Over a quarter of US households plan to cut cable TV subs in 2021 | Media Analysis | Business
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If the US cable TV industry thought things couldn’t get much worse than they have in recent years, a study from The Trade Desk is warning that American households are cutting the cord on their cable subscriptions more rapidly than previously reported.
Trade desk US cable 12 Jan 2021
The study by the advertising buyers’ technology platform sampled 2,105 adults in the US and was conducted by YouGov from 4-8 December 2020 on a survey with a total sample size. The survey was carried out online. The figures were been weighted and are said to be representative of all US adults ages over 18. In addition the company carried out an advertiser perceptions online survey of 150 TV advertising planning and buying decisionmakers with an annual TV ad budget of over $5 million. Fieldwork for this survey was conducted from 18-30 November 2020.

The standout finding was that 27% of US cable TV subscribers were planning to cut their subscriptions by the end of 2021. That percentage was nearly double the 15% of cable subscribers who reported cutting the cord in 2020, and significantly higher than what surveys in 2019 had predicted. The Trade Desk added that the Covid-19 pandemic had accelerated consumer behaviours and trends that are defining a new era of TV consumption. It added that more US consumers were working at home, many under increased budget pressure, and with the broader availability of streaming services, streaming consumption now accounts for 68% of TV viewing compared with 28% for traditional TV viewing.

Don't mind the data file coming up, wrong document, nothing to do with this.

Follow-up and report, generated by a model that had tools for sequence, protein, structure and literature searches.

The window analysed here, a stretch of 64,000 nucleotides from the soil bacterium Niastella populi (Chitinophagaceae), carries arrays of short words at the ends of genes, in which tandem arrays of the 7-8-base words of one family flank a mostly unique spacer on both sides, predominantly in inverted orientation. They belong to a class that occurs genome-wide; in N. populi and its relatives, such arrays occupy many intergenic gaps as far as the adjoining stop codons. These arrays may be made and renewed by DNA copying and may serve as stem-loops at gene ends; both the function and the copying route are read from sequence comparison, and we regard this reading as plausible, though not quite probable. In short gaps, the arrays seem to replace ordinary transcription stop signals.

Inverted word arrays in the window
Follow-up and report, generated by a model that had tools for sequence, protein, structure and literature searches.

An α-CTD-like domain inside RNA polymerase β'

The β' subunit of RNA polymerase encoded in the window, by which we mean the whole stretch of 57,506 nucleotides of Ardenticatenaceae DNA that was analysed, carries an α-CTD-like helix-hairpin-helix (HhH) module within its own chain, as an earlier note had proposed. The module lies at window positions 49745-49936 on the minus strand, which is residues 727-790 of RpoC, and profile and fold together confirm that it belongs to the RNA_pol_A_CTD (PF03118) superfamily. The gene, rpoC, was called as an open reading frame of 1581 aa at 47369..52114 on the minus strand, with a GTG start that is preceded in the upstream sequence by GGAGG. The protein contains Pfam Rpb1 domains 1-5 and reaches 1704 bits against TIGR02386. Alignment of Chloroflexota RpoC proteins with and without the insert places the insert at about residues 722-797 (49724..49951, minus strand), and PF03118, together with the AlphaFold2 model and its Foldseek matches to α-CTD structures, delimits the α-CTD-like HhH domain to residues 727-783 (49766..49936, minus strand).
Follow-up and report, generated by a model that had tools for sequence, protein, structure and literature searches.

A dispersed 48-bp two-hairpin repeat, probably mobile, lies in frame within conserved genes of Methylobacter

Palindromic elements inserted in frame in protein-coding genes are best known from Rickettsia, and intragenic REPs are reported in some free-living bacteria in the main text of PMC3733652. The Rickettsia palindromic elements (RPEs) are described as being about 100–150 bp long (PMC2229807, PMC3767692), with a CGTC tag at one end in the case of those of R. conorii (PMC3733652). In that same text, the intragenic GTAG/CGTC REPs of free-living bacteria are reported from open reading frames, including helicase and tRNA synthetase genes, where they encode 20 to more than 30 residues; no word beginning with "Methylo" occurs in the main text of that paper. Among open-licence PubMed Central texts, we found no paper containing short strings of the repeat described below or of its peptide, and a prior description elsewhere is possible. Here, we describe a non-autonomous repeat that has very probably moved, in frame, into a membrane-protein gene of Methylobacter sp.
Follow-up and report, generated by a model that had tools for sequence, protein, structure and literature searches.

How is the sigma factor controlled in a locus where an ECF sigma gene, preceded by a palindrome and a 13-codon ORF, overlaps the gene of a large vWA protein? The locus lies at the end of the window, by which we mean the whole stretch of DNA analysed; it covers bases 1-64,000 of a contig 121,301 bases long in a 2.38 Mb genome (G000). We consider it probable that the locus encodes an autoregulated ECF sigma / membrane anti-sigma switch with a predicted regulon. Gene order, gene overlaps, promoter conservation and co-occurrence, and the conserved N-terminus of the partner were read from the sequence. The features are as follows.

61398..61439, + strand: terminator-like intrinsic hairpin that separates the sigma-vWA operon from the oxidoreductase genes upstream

Worryingly, the study found that even live sports couldn’t keep viewers tethered to traditional TV as more US households turn from cable to streaming platforms to watch their favourite teams. After a pause in live sports caused by the pandemic, almost 39% of sports viewers were found to be now watching live sports events via connected TV (CTV) such as ad-supported streaming and social media platforms. Only 30% of US. consumers cited live sports as a reason for maintaining a cable TV subscription. This was significantly down from the 60% that cited live programming, including sports, just nine months previously.

“Covid has accelerated cord-cutting trends that were already underway, to a point where less than 50% of US. households today have a cable subscription,” said The Trade Desk chief revenue officer Tim Sims commenting on the research. “It’s not because US. consumers have fallen out of love with TV, but that there are now more convenient ways of consuming it. That even applies to traditional cable mainstays, such as live sports “As more broadcasters launch and expand their streaming services, these gaps are only going to widen.”

As Americans shift to CTV, there’s a limit to their tolerance for subscription services. Fifty-one% of US consumers are unwilling to spend more than $20 on streaming subscriptions, according to the survey. Furthermore, US TV viewers are more than five times more likely to prefer free or low-cost streaming TV with ads, over streaming services with higher monthly subscription fees with no ads – 72% versus 14%. What’s more, when looking for a new show to watch, consumers are more than twice as likely – 63% versus 26% – to choose free content with ads versus services with a higher monthly fee with no ads.

In a call to action, the Trade Desk warned in its research that every aspect of the decision-making process of TV advertising - including measurement, frequency and creative – would have to have to evolve as more consumers shifted to CTV. “The TV ad business is at a tipping point. Advertisers can reach more households via CTV than via traditional linear TV for the first time. That trend is not reversing,” Sims added. “Digitally savvy advertisers recognise the advantages of CTV advertising, including precision measurement, an audience versus content focus, and the ability to apply data to all aspects of their TV campaigns. Many are embracing these opportunities, and that also means transforming some of the cultural norms of this industry, including how we think about skills development and ad-buying processes such as the upfronts.”